“On a hot July day in 1967, Odelle Bastien climbs the stone steps of the Skelton gallery in London, ready for her luck to change. She has been employed as a typist by the glamorous and enigmatic Marjorie Quick, who unlocks a potential Odelle didn’t realize she had.
“When a lost masterpiece arrives at the gallery, Quick seems to know more than she is prepared to reveal and Odelle is determined to unravel the truth. The painting’s secret history lies in 1936 and a large house in rural Spain, where Olive Schloss, the daughter of a renowned art dealer, is harbouring ambitions of her own. Into this fragile paradise comes two strangers, who overturn the Schloss family with explosive and devastating consequences.”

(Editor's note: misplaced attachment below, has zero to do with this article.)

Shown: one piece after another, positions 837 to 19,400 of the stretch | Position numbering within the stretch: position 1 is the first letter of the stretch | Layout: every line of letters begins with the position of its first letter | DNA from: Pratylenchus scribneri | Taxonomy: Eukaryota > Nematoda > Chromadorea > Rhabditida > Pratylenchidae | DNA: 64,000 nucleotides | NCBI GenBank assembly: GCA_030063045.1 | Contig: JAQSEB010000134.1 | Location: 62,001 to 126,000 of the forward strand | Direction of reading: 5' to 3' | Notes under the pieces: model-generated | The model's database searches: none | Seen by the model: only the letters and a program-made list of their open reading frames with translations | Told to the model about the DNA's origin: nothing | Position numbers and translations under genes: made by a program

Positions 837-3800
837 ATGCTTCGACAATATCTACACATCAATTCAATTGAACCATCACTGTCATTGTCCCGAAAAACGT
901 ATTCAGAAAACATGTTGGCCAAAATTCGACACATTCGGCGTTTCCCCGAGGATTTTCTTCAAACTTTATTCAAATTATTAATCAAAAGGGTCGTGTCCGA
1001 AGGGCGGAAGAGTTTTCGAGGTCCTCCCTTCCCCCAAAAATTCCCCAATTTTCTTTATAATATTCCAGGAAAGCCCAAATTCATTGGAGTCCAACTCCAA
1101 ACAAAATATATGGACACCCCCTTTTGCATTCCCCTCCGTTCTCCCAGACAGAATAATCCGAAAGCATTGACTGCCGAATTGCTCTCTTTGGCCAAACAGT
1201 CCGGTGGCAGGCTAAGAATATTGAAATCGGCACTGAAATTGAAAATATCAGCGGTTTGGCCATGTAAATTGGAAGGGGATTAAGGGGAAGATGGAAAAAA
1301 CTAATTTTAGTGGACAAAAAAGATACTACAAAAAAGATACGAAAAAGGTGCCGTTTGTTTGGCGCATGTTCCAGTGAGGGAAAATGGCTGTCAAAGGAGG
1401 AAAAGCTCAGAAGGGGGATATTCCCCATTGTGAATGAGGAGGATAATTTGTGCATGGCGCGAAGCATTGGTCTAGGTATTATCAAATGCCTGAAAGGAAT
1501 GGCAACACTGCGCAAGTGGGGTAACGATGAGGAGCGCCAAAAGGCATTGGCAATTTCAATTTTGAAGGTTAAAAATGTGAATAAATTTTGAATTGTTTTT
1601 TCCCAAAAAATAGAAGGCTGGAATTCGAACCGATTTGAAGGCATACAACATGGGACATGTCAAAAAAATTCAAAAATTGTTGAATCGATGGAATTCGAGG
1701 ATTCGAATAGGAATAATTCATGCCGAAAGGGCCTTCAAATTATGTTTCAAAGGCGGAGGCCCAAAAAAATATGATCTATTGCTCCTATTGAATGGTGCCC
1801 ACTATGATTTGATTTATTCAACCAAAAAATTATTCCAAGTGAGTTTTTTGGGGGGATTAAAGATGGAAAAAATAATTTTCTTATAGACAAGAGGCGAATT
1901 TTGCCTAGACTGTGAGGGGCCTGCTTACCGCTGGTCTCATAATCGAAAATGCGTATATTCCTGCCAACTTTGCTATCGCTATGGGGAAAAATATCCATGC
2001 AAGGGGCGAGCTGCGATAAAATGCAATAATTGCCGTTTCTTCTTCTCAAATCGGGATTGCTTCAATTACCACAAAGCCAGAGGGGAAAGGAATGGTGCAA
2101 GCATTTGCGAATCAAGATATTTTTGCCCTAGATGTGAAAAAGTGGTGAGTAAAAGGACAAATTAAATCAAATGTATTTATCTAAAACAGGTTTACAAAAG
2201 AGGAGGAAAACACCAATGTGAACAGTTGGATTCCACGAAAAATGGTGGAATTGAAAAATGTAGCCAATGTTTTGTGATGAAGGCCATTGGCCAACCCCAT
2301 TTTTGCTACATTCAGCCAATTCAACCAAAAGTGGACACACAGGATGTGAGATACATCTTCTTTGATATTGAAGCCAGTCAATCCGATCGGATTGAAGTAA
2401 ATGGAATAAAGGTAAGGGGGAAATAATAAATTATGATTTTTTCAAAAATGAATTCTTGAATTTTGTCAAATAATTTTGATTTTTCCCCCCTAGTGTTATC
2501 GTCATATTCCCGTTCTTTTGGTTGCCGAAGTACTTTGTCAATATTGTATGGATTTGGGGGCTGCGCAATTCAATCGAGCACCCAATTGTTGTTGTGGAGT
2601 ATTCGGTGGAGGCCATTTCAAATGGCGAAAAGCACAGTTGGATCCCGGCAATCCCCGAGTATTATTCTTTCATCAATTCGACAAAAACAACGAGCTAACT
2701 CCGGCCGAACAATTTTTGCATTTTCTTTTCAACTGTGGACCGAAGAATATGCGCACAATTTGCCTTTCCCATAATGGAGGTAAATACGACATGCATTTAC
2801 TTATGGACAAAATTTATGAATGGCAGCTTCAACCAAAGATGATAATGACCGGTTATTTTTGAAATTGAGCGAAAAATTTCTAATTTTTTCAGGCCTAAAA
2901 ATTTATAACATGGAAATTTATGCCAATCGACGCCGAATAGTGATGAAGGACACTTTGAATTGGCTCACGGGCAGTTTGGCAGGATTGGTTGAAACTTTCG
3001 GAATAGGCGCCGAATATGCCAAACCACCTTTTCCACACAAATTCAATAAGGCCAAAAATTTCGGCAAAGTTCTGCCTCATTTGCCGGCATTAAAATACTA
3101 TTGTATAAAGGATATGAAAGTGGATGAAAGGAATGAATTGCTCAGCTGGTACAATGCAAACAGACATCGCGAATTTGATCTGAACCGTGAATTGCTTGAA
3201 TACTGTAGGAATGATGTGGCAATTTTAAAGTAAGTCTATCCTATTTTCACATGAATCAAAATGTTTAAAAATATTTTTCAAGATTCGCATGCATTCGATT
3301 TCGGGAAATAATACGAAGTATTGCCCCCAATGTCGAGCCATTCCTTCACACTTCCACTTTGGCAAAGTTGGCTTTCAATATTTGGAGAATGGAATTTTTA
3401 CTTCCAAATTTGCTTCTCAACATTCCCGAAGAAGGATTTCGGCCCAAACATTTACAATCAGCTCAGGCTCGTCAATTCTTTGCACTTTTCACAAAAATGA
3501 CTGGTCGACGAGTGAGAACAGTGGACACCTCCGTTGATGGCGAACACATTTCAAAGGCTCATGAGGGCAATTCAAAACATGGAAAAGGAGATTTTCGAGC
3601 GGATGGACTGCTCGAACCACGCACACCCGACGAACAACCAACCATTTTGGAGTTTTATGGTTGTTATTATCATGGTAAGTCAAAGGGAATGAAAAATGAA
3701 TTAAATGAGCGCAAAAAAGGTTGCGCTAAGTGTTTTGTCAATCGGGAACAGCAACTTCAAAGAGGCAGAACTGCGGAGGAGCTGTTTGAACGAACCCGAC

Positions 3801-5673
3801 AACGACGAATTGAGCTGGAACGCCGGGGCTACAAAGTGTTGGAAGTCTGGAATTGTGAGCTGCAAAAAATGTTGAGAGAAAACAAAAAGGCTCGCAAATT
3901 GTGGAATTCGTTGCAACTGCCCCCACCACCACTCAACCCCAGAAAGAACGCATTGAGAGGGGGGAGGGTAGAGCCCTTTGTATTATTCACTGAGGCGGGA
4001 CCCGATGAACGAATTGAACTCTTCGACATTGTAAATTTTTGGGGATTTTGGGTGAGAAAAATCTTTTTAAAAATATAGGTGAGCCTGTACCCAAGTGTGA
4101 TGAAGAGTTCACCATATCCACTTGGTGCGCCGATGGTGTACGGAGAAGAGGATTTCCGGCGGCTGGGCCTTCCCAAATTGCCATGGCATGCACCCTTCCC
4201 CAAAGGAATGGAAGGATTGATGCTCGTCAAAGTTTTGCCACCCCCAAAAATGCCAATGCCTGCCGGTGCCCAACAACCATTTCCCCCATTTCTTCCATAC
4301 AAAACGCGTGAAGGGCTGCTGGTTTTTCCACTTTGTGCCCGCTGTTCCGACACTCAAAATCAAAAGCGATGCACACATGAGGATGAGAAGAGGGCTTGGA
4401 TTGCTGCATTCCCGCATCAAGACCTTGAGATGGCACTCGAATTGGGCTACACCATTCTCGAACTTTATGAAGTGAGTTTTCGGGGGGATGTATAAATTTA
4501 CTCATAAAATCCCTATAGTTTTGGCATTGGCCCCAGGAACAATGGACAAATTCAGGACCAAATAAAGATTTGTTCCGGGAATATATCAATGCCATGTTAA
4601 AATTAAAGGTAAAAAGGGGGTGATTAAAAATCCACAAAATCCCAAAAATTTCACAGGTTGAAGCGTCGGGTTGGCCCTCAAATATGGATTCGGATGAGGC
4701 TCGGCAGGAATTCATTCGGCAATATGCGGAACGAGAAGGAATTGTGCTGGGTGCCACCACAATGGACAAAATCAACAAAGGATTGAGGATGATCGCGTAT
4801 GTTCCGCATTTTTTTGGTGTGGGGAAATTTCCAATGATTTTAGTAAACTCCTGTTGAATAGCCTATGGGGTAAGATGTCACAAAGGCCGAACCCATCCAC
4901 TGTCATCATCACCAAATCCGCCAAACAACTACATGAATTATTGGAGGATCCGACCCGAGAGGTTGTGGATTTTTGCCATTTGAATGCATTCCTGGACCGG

The Muse was thoroughly enjoyed by all in the group. The story is tightly woven and complex, yet flawless in how it all flows together.
There are so many different intertwined plots that there is almost another novel within the main story. The book covers different times and places, from Andalusia in 1936 and the Spanish Civil War to London in 1967, with a conclusion in 2002. The locations are atmospheric, with vivid descriptions.
There are many themes in this book and undercurrents: relationships and the complexity between them; secrets and betrayals within families; self-belief and the lack of it, and the role of women, particularly the female artist. As the main character Odelle arrives from Trinidad in 1967, the book also reveals the pervasiveness of racism at that time. The strong female characters carry the story while the male characters are portrayed as flawed and weak.
The Muse is very interesting read that gives insights into very different historical times and places. The story keeps you reading and guessing right up to the twist at the end.